Analysing the correlation of microstructural properties, such as porosity, pore size and wall thickness, and the resulting macroscopic mechanical material behaviour of foams by using artificial intelligence (AI) based digital methods.
In this week’s Helmholtz AI project showcase, scientists from the German Aerospace Center (DLR) and the Karlsruhe Institute of Technology (KIT) are working on AI-based digital methods to reduce the time, cost and characterization effort in the development process of components and structures of materials.
Could you introduce yourself, giving your affiliation, area of work, and of course, the project title?
The title of our funded Project is ‘FoAIm - Coupling of complex multiscale structural foam characteristics with AI based methods’. We are two project partners: The Institute of Vehicle Concepts and the Institute for Applied Materials – Microstructure Modelling and Simulation (IAM-MMS).
The Institute of Vehicle Concepts is a part of the German Aerospace Center (DLR). We research, develop and evaluate new vehicle concepts and technologies in the light of future demands of transportation systems. Based on a comprehensive understanding of road and rail vehicles, the department “Materials and Process Applications for Road and Rail Vehicles” is specialised in transferring new and complex material and process solutions to innovative applications. The IAM-MMS is located at the Karlsruhe Institute of Technology (KIT) and comprises expertise in the development of scalable simulation software for high performance material simulations as well as in curating huge datasets by automated workflows within a developed research data infrastructure.
In simple words, what specifically is your project about? And, how and why do you think it is a high risk, high gain endeavour?
In our project the correlation of microstructural properties, such as porosity, pore size and wall thickness, and the resulting macroscopic mechanical material behaviour of foams is to be analysed by using artificial intelligence (AI) based digital methods. The objective and the high gain-potentials are that intelligent algorithms for automated modelling of microstructures combined with machine learning approaches can identify and predict relevant material parameters allowing for significantly reducing the necessary time, costs and characterization effort within the development process of components and structures. In foam materials there is a risk of not capturing all irregularities e.g. undetected micropores and shape variations, which are necessary for describing the materials behaviour. Furthermore, depending on the complexity of the problem, there is a risk of providing not enough data to train CNNs properly. As a result, predictions have a high chance to fail. From the perspective of a data scientist, the critical aspect of dimensionality in the database could be insufficient which in turn will very likely lead to an overfitting of the data and ultimately the materials design will not meet the requirements.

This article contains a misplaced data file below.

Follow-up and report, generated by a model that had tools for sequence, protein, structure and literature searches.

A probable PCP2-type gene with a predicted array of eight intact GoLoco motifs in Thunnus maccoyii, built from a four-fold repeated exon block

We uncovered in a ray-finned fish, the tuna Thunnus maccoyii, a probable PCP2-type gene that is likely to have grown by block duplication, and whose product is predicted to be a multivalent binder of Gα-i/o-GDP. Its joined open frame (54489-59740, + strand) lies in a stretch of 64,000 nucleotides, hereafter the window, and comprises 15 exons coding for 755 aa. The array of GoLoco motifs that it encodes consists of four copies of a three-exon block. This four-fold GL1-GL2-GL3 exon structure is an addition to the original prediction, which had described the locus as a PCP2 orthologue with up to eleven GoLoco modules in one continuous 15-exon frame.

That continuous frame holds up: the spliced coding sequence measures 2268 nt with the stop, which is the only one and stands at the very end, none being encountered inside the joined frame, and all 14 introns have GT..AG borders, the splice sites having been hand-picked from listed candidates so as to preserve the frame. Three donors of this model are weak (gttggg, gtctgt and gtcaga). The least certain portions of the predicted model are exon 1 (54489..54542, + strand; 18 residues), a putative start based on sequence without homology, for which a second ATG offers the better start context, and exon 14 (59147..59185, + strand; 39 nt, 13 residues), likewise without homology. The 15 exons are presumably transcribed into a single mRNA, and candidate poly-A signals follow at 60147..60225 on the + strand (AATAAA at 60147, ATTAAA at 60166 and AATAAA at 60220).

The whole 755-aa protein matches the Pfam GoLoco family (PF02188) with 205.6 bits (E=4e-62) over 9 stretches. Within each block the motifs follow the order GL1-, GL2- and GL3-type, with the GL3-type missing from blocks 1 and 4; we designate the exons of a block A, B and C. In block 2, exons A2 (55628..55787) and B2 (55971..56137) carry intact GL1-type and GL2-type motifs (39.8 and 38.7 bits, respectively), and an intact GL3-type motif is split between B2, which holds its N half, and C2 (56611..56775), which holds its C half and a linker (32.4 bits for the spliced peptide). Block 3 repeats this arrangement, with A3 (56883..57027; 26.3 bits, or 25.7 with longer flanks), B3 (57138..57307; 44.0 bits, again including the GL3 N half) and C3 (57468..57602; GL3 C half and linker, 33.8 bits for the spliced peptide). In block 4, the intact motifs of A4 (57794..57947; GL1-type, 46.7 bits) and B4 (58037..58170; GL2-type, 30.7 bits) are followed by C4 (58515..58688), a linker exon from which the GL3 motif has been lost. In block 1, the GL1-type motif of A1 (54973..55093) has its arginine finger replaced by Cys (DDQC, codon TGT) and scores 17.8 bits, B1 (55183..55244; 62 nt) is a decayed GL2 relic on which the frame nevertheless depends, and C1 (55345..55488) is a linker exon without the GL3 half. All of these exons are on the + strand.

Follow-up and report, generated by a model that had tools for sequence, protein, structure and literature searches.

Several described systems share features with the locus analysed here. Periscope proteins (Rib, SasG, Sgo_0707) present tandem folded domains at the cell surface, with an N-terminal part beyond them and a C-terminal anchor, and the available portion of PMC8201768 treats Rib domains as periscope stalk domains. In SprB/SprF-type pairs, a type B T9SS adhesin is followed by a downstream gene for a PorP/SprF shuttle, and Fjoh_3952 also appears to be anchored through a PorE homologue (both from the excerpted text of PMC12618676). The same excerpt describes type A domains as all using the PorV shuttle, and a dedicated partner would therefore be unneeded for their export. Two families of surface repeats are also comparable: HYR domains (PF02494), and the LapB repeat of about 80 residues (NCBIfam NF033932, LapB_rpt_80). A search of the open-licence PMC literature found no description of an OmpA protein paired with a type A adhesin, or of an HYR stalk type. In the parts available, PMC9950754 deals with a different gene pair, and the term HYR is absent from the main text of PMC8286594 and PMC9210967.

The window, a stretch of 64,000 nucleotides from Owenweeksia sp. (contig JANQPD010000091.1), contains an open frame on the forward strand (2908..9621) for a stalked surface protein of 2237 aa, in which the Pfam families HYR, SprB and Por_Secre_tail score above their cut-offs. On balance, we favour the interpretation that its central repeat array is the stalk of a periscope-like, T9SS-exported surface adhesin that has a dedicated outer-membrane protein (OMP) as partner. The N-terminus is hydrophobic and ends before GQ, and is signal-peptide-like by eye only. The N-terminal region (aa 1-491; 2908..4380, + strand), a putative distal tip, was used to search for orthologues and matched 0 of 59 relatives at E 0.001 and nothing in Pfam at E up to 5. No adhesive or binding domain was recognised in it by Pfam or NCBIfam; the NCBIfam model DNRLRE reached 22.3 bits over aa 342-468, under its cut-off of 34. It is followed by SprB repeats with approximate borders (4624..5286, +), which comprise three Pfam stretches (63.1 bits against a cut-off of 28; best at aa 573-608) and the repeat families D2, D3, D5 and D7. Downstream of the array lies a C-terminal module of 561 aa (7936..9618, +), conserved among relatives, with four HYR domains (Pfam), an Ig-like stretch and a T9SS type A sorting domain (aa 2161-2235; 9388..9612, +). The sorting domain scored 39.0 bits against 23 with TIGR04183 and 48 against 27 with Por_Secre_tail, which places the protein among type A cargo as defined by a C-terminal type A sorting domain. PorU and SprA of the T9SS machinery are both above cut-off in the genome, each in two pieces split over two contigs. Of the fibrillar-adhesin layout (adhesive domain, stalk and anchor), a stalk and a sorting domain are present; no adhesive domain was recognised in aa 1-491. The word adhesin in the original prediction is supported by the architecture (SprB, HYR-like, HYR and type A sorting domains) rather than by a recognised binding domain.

How important has the Helmholtz AI funding and platform been to carry out this project?
The Helmholtz AI platform offers the opportunity to cooperate with other Helmholtz centers and combine the knowledge to accelerate the research and development of suitable AI-methods for different use cases. For us the funding and the platform is a huge driver for distributing applied AI across the Helmholtz community.
What else would you like to share?
We are excited to see how FoAIm and the other funded projects can contribute to solve complex problems with AI and we would like to warmly invite all interested experts to get in contact with us.
Figure: FoAIm project structure. The individual work steps are illustrated including the dependency graph of the generated data.